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Extrait d'Atelier: MaÎtre Joaillier - reviewed by Charlie Nose

EXTRAIT D'ATELIER's product campaign. Photo Credits: Romin Favre

Perfume and jewelry have so much in common. They are to adorn us, dress us and express us. Both accessories can make the collector addictive and let go of the bags. Both perfumes and jewelry can be strong, loud and ostentatious, or silent, discreet, skin-like.

You can wear a lot of jewelry and a lot of perfume. Or quite the opposite. Most jewelry houses enrich their offer by adding fragrances to jewelry, often inspired by a specific collection, jewel or precious metal.

Before the diamond and gold decorate a beautiful neck or wrist, however, the magic of bending and cutting takes place in a jewelry workshop. A mixture of art, craftsmanship and magic, translated into the fragrance by Chiara Ronzani from the Extrait d'Atelier brand. MaÎtre Joaillier, the Master Jeweler, was among the first three studio fragrances that she launched with the perfumer Claudia Scattolini in 2016. I'm taking you to his atelier today.

Photo Credits:CharlieNose

The place is bright and quiet. Tall and spacious. It lacks coziness. This is not what this is about. All shapes are cut with precision, all lines are rather straight. The smell of freshly cut metal is in the air. So sharp it cuts across the nostrils. They are aldehydes that swirl in the air like silver filings. They open up, the first few seconds. Rach, sniff!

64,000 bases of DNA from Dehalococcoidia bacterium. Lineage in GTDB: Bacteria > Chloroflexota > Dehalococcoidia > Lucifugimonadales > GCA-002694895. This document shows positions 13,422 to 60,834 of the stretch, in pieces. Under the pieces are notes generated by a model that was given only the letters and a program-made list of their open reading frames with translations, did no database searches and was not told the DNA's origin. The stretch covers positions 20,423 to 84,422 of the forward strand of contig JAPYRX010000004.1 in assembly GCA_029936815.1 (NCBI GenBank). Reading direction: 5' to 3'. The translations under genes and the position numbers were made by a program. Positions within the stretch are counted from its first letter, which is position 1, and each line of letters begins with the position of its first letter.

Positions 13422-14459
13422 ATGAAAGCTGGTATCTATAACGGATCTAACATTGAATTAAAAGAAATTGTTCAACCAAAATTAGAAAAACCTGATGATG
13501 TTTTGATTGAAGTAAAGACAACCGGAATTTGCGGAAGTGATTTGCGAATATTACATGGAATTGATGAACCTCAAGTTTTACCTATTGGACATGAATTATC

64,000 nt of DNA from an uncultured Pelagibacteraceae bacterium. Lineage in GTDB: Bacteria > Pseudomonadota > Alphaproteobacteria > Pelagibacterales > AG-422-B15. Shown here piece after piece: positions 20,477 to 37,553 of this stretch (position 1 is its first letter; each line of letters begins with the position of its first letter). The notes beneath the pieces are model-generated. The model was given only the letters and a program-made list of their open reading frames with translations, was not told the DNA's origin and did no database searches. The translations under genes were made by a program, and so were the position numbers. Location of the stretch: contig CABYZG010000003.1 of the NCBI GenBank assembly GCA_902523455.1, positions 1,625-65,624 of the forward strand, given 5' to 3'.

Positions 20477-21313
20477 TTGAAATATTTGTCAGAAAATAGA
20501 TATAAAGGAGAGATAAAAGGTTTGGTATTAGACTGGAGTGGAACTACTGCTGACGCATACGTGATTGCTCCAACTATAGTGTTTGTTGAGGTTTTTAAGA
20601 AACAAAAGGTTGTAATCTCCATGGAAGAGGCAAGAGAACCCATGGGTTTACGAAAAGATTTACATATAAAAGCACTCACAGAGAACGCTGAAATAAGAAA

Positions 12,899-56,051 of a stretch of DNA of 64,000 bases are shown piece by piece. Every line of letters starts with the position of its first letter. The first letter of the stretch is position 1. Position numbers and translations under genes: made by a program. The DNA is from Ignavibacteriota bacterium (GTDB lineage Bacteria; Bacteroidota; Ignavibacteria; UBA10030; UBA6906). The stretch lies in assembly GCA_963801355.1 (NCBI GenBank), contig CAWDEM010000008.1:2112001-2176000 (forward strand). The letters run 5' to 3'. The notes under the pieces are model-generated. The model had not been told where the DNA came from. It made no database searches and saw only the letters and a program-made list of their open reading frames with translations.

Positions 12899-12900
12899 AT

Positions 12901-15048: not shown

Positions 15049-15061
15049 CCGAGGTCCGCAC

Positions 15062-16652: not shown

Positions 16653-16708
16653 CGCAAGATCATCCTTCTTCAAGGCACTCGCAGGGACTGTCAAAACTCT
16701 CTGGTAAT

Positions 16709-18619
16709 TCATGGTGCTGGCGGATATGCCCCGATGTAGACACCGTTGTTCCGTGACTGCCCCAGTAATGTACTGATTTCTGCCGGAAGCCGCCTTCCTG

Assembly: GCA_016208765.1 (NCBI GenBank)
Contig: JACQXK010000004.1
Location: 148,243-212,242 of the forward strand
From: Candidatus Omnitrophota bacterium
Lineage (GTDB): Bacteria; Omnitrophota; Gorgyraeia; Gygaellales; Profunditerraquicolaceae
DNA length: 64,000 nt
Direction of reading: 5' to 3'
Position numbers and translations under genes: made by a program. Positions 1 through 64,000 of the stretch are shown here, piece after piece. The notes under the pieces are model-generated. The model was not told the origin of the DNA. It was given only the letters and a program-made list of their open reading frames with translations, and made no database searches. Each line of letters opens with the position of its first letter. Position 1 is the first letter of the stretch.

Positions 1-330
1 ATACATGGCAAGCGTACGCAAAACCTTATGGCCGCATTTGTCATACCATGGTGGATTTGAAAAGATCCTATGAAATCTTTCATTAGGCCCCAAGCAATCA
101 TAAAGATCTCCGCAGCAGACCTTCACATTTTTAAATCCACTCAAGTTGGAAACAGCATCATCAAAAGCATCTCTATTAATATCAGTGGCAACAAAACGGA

Perfectly metallic and acidic, they dance in the air filled with ozone that portends a beautiful violet heart. It's basically a violet leaf, green, dry and fresh, so powder is pretty much out of the question. This violet moment is very pleasant. I remember him from Eau de Cartier and a bit from this year's Original Wood DSquared2. After a while, coniferous green joins the violet green. It's a balsam fir.

It adds a milligram of sweetness and quite a lot of flavor. It soothes the sharpness of the opening a bit, but the fragrance basically maintains its dynamic, cut vitality until the end. Incense appears for a split second. I can barely sense them, but it just seems to blend in nicely with the balsamic and woodiness of the lower part of the composition. It is certainly not incense served in Arabic.

Rather simple, cool, minimalist, like the entire Master Jeweler. The base is the afore-mentioned woodiness, which is also fresh, and it is covered with pure musk. In the jewelry workshop, the furniture is made of light plywood and thin aluminum, there is no point in looking for heavy dark wood cabinets.